Using Memory Strategies to Learn Jujitsu Technique Names

By Hillary Kaplowitz – Published in Kiai Echo, Summer 2008

Most fields of endeavor require practitioners to learn the vocabulary of the discipline, which then becomes the common language for communication about the subject. The same is true for our study of Danzan Ryu Jujitsu. The added complication for most jujitsu students is that Japanese is not our native language. So, on top of learning the technique names, we need to learn them in another language.

For some jujitsuka, learning the technique names comes rather easily. They pick them up as they learn and practice the
art. For others it is a daunting task and one that can cause problems on black belt examinations. What can we offer our students to assist them with this difficult task? In most cases, we suggest rote memorization. It turns out that rehearsal alone is the not the most effective memory technique.


When we learn new information we tryto connect it to something we already know so it has a place in our semantic network. Finding ways to group and categorize new information can help with recall. Organize techniques by common names or motions to make associations between them. A good exercise is to make a copy of all the lists and go through them crossing out the words you already know. If there is a word that occurs often you don’t know, then you should look it up and make it a point to remember it. After completing this exercise you will likely find that you know more terms than you thought you did and that you have some focus on what you need to work on.


The more time you spend on something the more likely you are to remember it. By developing connections between new information and a familiar image or phrase the connection becomes stronger. Many of the techniques in Danzan Ryu are imagery based. Techniques like Yama Arashi (Mountain Storm), Hagai Shime (Wing Pinion) and Mizu Kaguri (Diving Under Water) all evoke an image that can be associated with the motions of the technique. Any kind of elaboration can be useful whether it be examples, stories, visuals, etymology or physical actions. For example, after hearing the story of how Okazaki defeated the boxer KO Morris using Genkotsu Ude Tori, it was a lot easier for me to remember that technique because I had spent more time hearing and thinking about it.


Mnemonics are one of the most commonly used memory assists and are extremely effective. They combine qualities of both organization and elaboration. Probably the most widely used mnemonic is the keyword technique, especially when learning foreign language vocabulary or in our case Japanese technique names. To use the keyword method you associate the to-be-remembered word with another word that sounds similar. Then you associate that word to an image. For example the word Eri means collar and appears in a few techniques. Eri sounds like airy. Imagine a collared shirt hanging on the clothesline flapping in the airy breeze. It is kind of stretch but if you take the time to actually picture the shirt and make the connection, you won’t likely forget that eri means collar. Turns out the more ridiculous the mnemonic, the more likely you are to remember it. The ones you make up yourself tend to be the ones that work best for you.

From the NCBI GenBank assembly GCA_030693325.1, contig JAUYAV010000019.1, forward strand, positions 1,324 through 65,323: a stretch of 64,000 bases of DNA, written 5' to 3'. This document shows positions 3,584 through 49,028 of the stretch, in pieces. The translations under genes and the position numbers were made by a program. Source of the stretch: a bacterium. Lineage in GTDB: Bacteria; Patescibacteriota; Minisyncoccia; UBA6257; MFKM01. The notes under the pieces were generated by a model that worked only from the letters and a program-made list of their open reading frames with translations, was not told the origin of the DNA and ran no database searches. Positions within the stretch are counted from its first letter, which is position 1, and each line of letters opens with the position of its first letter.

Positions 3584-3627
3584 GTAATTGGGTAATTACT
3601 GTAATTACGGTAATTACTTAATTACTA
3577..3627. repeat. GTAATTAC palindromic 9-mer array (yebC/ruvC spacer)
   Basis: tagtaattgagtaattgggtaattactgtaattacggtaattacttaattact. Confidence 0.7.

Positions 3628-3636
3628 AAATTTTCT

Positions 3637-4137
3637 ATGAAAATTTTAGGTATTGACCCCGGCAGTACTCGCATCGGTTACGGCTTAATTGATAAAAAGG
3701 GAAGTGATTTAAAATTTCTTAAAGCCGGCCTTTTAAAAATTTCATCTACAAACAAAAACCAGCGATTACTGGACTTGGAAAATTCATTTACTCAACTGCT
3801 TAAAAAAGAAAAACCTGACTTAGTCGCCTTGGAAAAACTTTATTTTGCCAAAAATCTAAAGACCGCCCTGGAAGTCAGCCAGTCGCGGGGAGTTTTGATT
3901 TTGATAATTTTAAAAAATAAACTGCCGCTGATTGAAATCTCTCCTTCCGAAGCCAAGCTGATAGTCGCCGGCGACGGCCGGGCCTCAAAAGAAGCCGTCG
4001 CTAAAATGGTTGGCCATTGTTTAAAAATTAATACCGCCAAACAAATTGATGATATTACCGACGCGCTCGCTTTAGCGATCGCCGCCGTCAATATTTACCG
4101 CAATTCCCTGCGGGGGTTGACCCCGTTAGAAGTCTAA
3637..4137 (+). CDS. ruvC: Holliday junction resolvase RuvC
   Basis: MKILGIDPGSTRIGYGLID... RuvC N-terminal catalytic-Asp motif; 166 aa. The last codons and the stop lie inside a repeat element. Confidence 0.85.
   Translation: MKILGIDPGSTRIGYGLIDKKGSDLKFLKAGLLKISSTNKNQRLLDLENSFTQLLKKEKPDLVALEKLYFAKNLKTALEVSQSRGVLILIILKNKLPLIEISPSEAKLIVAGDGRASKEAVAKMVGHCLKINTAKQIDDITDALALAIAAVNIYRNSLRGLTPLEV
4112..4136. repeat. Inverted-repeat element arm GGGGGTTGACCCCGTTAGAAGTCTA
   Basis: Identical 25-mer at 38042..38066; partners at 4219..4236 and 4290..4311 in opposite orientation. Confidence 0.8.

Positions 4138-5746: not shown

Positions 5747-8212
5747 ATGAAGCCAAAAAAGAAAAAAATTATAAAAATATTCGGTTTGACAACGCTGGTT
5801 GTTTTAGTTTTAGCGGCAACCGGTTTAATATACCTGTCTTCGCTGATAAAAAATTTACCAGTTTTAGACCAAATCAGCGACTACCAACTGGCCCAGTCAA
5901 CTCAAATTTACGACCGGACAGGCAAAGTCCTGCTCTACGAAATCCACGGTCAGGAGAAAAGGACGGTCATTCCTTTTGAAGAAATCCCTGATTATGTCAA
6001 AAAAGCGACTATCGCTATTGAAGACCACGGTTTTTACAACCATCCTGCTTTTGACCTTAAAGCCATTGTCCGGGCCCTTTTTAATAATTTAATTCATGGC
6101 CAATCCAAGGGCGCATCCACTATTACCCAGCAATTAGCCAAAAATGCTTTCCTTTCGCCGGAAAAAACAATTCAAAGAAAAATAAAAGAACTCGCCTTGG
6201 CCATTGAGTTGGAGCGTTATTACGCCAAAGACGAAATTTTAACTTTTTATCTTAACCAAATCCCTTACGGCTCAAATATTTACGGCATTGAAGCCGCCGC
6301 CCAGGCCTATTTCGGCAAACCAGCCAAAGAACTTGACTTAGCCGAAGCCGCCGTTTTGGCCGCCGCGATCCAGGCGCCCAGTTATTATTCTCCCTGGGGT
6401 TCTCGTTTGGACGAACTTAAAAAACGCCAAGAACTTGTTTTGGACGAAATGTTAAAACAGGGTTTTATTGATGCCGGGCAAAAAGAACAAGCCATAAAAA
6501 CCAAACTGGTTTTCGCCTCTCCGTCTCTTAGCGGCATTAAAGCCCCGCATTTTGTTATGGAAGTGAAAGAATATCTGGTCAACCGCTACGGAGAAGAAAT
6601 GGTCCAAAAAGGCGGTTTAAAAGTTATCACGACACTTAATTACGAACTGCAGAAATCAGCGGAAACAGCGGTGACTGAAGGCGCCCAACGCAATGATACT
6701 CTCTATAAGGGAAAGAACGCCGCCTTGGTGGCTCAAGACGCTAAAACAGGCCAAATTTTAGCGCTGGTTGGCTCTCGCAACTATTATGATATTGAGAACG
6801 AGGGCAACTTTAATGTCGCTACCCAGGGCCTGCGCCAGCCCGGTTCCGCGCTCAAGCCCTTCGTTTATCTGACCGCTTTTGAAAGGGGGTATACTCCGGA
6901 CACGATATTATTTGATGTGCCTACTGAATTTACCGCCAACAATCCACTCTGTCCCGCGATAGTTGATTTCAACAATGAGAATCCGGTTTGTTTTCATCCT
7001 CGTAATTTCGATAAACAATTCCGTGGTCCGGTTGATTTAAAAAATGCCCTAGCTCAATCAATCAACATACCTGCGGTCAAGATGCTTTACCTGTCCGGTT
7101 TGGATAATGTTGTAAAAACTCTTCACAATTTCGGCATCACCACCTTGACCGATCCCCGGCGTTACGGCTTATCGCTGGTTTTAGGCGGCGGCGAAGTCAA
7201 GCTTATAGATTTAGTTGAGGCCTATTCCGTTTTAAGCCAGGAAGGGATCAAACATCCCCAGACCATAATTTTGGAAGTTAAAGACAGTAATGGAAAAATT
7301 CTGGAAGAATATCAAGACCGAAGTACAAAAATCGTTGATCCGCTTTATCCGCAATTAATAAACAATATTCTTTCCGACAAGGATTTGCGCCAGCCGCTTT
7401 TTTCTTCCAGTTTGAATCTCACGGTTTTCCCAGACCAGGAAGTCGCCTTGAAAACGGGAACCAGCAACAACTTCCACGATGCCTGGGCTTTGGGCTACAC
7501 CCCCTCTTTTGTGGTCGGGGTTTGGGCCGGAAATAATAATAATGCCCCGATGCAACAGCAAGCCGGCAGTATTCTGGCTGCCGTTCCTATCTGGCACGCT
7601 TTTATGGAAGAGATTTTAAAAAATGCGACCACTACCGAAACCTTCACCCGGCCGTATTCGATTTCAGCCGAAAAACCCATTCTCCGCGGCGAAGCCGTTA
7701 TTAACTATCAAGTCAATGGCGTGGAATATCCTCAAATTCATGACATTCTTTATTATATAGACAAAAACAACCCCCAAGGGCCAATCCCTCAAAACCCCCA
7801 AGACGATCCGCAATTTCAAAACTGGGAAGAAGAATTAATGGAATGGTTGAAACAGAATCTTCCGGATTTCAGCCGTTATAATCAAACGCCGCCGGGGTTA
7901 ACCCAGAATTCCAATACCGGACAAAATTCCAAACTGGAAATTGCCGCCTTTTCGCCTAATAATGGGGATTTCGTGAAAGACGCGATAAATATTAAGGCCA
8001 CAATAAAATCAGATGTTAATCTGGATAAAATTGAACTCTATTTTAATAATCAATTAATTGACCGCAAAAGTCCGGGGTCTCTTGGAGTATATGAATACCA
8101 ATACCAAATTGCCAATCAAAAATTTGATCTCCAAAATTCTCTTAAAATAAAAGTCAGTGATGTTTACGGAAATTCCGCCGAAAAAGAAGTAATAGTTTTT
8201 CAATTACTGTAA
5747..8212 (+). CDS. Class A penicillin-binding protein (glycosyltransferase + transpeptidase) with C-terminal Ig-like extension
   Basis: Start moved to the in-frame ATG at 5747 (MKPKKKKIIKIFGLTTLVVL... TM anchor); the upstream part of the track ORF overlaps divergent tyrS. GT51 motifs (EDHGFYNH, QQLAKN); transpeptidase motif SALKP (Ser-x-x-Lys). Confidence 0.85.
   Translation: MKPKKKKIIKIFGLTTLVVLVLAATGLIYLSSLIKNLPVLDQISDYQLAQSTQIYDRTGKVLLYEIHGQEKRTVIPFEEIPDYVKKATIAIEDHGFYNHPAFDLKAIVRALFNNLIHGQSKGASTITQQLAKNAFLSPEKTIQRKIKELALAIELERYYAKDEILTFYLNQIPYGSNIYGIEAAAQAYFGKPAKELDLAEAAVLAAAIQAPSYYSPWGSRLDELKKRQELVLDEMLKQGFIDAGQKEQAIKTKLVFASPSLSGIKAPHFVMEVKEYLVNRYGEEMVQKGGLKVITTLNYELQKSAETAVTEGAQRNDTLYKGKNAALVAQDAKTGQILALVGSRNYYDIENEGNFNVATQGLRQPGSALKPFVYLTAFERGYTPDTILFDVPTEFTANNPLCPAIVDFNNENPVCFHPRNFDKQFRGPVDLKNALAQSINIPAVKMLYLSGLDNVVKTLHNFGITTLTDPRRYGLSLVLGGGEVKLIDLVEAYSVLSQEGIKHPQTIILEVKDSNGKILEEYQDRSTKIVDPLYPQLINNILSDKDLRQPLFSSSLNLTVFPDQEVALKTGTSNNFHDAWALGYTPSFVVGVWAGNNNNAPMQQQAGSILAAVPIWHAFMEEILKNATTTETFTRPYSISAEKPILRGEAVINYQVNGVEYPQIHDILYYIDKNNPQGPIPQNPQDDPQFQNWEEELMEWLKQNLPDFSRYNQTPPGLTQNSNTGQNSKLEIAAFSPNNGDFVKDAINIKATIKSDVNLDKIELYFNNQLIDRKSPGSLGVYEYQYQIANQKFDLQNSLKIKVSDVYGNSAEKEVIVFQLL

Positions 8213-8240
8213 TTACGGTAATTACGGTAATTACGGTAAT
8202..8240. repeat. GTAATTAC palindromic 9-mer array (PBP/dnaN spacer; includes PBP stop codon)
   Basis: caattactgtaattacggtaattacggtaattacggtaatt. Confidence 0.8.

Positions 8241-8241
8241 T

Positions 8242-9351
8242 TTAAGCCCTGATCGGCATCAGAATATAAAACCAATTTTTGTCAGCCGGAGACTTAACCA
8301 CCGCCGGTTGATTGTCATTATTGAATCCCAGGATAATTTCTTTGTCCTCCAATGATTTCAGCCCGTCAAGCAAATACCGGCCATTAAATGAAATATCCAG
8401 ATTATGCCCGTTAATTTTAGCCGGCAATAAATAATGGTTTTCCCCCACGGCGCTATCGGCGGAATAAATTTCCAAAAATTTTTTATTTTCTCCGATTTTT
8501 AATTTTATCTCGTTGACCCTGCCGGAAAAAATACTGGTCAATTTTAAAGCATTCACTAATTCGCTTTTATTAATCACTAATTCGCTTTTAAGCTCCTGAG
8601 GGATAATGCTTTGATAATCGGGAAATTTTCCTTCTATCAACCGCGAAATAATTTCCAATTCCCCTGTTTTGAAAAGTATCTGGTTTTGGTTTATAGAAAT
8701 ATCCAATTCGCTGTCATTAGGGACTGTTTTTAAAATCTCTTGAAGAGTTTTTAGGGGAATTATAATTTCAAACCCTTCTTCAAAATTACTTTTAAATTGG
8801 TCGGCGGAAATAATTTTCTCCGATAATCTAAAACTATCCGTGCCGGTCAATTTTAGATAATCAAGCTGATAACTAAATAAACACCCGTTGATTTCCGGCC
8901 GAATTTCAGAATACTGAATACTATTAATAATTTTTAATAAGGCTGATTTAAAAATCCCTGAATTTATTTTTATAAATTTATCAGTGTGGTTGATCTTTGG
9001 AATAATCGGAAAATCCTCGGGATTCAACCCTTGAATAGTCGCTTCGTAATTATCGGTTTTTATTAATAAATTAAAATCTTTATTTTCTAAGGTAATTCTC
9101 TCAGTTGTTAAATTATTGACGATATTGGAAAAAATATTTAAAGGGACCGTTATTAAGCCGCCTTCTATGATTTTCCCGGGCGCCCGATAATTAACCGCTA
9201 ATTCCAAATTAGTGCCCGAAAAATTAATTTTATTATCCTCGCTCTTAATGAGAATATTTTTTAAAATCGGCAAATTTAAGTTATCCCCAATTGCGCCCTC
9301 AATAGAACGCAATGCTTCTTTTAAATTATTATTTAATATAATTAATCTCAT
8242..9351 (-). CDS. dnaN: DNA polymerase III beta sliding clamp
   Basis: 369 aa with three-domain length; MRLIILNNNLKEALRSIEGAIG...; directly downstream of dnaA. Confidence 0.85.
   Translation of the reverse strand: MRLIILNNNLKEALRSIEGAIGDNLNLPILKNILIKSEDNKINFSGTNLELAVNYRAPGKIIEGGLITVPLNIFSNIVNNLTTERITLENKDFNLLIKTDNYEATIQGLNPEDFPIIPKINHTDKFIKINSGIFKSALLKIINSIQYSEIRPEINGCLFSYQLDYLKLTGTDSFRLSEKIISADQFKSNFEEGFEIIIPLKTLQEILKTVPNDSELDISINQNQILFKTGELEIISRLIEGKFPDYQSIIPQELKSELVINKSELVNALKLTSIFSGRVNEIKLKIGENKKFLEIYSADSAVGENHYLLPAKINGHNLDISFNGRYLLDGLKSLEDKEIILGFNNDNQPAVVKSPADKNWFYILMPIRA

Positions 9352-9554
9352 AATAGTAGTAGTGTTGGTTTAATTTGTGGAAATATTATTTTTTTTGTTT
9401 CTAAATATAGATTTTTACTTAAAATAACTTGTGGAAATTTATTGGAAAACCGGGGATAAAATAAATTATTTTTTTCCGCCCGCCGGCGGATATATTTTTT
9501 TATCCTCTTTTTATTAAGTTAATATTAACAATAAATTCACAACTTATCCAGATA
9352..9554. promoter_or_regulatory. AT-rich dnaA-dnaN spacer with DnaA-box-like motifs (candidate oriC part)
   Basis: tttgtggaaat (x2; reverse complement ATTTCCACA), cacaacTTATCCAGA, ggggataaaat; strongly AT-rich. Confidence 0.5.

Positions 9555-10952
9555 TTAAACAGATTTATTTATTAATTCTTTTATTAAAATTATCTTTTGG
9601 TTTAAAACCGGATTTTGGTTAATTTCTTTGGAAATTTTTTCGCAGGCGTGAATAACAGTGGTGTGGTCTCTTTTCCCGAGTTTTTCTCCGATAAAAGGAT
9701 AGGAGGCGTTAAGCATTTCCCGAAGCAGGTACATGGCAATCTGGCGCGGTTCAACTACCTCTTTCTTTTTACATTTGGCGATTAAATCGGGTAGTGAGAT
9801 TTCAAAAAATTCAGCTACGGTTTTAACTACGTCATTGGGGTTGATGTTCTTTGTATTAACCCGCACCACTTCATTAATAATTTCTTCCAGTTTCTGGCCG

No strategy will be effective without practice and this is when rehearsal techniques are best employed. You cannot expect to master a new throw after practicing only a few times. The same goes for memorization. Just like anything it takes time and effort. Flash cards can be effective tools for drill and practice. The process of creating the cards is elaboration since you are putting your attention on each word as you write it on the card. Add your memory strategies to the cards as well. Then if you cannot remember the answer, look first at your hint and see if that can jog your memory. It also helps to study with your fellow jujitsuka. They may have different mnemonics that they can share with you.


I have used these methods in my own training and in working with my students. The interesting thing is that my students differ in what memory strategies they feel are the most effective. This is significant since it points to the fact that each of us has our own preferences and strengths when it comes to memorization. Be sure to try a number of techniques and then concentrate on what works best for you. We all have different preferences on how we like to learn.

Remember that many people have trouble learning the names of the techniques and it is especially difficult to recall the correct art when you are in the pressure situation on your exam. Take the time to learn the names as you go through the ranks. Don’t always rely on the boards on the wall or the lists in your notebook. Say the technique name in your head each time you do the art. Take time off the mat to review your notebook and study the names. Find ways to categorize and organize the technique names. Do research, ask questions, study with your peers, just take the time to work with the names and they will be a lot easier for you to master. Maybe you will become someone who just picks it up naturally over time.

Prof Cross said something to a class at a convention many years back that really struck me. He said that when you want to do Ogoshi you don’t translate it first to hip throw and then do it. You just do it. You don’t need to translate it first. That’s because you know that technique. You know Ogoshi. It isn’t until the name and the technique become one that you really know the technique.

So learn your names!